Solid-state nuclear magnetic resonance (ssNMR) is a spectroscopic technique that is used for characterization of molecular properties in the solid phase at atomic resolution. In particular, using the approach of magic-angle spinning (MAS), ssNMR has seen widespread applications for topics ranging from material sciences to catalysis, metabolomics, and structural biology, where both isotropic and anisotropic parameters can be exploited for a detailed assessment of molecular properties.

Solution-state NMR is the method of choice for the atomic level biophysical characterization of most biological systems. It has emerged as a powerful technique for the study of the structure and dynamics of proteins, providing detailed insights into biomolecular function. Although NMR can determine protein structures at atomic resolution, its unrivaled strength lies in sensing subtle changes in a nuclei's chemical environment as a result of intrinsic conformational dynamics, solution conditions, and binding interactions.

Nuclear Magnetic Resonance (NMR) spectroscopy is among the very few techniques which provide direct, atomic-resolution information about the structural changes occurring on a wide range of motional timescales ranging from picoseconds to milliseconds. We use nuclear spin relaxation techniques together with spin dynamics simulations to gain insights into functional motions of biomacromolecules both in solution and solid state.

Dipolar interaction between protons (nuclear Overhauser effect, NOE), or between a proton and an electron (paramagnetic relaxation enhancement, PRE) leads to distance dependent modulation of the signal intensities of the interacting nuclei. This information can be translated to distance restraints which, together with secondary chemical shift information, represents the basis of the 3D structure determination of biomacromolecules. We use both NOE and PRE based techniques to solve the solution and solid-state structures of small model proteins.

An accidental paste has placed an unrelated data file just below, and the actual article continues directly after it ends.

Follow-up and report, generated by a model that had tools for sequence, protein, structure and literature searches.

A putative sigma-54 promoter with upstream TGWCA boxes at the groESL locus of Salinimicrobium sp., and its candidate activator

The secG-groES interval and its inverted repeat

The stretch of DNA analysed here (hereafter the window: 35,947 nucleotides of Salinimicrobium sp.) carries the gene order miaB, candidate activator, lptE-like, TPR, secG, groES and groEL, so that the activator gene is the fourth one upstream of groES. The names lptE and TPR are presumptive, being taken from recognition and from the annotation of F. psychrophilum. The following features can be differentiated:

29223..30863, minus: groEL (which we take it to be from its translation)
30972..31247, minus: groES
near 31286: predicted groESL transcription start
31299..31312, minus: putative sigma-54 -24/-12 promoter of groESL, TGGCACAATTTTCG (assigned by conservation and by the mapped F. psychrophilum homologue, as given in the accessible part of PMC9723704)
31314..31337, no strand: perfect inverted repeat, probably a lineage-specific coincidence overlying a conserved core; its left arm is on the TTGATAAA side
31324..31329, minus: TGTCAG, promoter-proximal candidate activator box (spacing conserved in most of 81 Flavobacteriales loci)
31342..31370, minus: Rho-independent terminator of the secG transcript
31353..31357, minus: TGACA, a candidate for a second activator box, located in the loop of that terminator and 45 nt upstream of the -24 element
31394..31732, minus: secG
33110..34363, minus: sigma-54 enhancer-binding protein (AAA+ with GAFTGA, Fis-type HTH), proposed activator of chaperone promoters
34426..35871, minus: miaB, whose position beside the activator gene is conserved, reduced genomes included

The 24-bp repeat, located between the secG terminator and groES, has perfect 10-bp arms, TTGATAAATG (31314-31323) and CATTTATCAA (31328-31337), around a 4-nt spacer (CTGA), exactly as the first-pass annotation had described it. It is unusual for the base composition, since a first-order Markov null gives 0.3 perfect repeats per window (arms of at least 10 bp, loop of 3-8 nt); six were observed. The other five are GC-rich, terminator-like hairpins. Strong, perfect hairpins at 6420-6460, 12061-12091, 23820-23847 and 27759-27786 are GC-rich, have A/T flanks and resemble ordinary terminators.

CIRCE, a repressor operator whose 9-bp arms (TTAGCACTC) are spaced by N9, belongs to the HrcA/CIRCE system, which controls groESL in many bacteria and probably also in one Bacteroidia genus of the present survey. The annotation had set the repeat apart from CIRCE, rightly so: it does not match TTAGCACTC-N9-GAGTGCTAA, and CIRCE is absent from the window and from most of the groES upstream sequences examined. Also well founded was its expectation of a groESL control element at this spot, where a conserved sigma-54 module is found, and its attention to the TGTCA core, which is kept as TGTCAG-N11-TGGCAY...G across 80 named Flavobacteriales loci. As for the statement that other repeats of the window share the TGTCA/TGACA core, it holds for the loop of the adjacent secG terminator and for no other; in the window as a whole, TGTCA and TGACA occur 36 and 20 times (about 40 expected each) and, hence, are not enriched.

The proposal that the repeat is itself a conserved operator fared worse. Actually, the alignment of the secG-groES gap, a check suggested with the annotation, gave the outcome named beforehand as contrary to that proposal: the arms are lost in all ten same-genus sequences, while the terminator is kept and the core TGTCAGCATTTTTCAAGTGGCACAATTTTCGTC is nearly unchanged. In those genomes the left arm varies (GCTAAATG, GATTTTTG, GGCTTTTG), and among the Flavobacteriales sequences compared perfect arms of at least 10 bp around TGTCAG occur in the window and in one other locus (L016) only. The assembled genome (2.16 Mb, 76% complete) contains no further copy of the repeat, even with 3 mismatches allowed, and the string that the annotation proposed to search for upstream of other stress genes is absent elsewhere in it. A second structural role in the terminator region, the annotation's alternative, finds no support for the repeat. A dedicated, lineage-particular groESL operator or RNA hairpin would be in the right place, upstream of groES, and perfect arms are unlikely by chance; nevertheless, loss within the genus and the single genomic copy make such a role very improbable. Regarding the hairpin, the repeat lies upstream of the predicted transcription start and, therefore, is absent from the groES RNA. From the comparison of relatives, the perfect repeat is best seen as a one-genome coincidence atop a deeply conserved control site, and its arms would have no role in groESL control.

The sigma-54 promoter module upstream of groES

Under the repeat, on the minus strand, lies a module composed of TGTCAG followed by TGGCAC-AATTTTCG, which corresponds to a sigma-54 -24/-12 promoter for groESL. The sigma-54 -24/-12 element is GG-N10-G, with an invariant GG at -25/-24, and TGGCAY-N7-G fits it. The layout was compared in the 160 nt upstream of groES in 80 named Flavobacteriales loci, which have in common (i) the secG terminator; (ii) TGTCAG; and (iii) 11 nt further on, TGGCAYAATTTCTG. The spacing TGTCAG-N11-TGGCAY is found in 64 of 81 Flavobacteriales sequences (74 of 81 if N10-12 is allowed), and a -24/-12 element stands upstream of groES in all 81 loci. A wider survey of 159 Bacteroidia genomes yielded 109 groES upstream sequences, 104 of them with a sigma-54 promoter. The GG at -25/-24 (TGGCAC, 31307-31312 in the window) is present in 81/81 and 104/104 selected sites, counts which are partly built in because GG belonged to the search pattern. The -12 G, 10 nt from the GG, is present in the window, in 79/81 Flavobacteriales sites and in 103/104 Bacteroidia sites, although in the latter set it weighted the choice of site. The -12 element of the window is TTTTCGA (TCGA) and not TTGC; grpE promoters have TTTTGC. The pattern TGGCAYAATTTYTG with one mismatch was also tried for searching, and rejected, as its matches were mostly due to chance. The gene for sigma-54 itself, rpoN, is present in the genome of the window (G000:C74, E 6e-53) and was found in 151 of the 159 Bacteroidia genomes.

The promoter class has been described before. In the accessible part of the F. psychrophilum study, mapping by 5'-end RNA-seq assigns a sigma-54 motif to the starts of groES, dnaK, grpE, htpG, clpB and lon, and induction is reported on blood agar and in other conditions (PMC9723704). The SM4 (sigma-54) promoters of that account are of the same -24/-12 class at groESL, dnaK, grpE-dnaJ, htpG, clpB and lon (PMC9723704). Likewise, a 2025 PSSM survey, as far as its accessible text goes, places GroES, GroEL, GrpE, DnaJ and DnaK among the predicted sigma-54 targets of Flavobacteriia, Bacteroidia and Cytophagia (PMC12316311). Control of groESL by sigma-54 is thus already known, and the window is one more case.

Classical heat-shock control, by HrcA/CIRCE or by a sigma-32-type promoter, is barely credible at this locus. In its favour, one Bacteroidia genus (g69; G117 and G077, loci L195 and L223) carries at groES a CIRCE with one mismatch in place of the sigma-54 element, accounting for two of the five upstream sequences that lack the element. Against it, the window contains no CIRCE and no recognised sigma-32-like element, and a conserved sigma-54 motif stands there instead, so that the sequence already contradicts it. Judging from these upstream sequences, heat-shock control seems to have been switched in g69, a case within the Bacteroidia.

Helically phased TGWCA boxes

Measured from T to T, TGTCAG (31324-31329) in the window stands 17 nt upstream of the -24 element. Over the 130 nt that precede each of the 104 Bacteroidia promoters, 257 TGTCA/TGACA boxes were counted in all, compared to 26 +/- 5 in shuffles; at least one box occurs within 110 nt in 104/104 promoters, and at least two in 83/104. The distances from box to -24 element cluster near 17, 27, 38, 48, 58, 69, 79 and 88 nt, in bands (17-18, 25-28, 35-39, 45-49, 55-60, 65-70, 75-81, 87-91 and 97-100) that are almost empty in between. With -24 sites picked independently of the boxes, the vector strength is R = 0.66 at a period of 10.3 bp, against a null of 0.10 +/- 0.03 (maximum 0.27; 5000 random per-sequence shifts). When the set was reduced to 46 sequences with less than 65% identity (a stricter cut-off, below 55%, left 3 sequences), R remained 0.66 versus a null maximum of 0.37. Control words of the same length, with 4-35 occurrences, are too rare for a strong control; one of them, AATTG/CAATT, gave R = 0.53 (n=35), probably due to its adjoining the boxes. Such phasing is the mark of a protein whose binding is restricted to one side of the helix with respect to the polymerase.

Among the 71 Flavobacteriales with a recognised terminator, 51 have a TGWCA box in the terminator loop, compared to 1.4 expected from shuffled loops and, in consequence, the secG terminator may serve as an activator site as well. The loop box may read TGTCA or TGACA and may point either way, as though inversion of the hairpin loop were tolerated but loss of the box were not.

Synthetic, bioinspired silk-based biopolymers, or bioplastics, represent excellent sustainable and biodegradable alternatives for the traditional, unsustainable and non-degradable petrochemical plastics. Bioplastics made from bio-mimicking materials will redefine the plastic-manufacturing of the 21st century.

Beyond the four common nucleotides found in DNA and RNA molecules, Nature uses hundreds of chemically modified bases to fine-tune, the properties of the nucleotides. Methyl cytosine (5mC) represents a stable and generally repressive epigenetic modification, but recently it has been found that not only 5mC but also its oxidized form, formyl cytosine (5fC), acts as an epigenetic marker in eucariotic stem cells. However, less is known about its action. Within the frame of the SFB 1309 project, we aim to study the influence of cytosine formylation on the structure, dynamics and interactions of DNA molecules.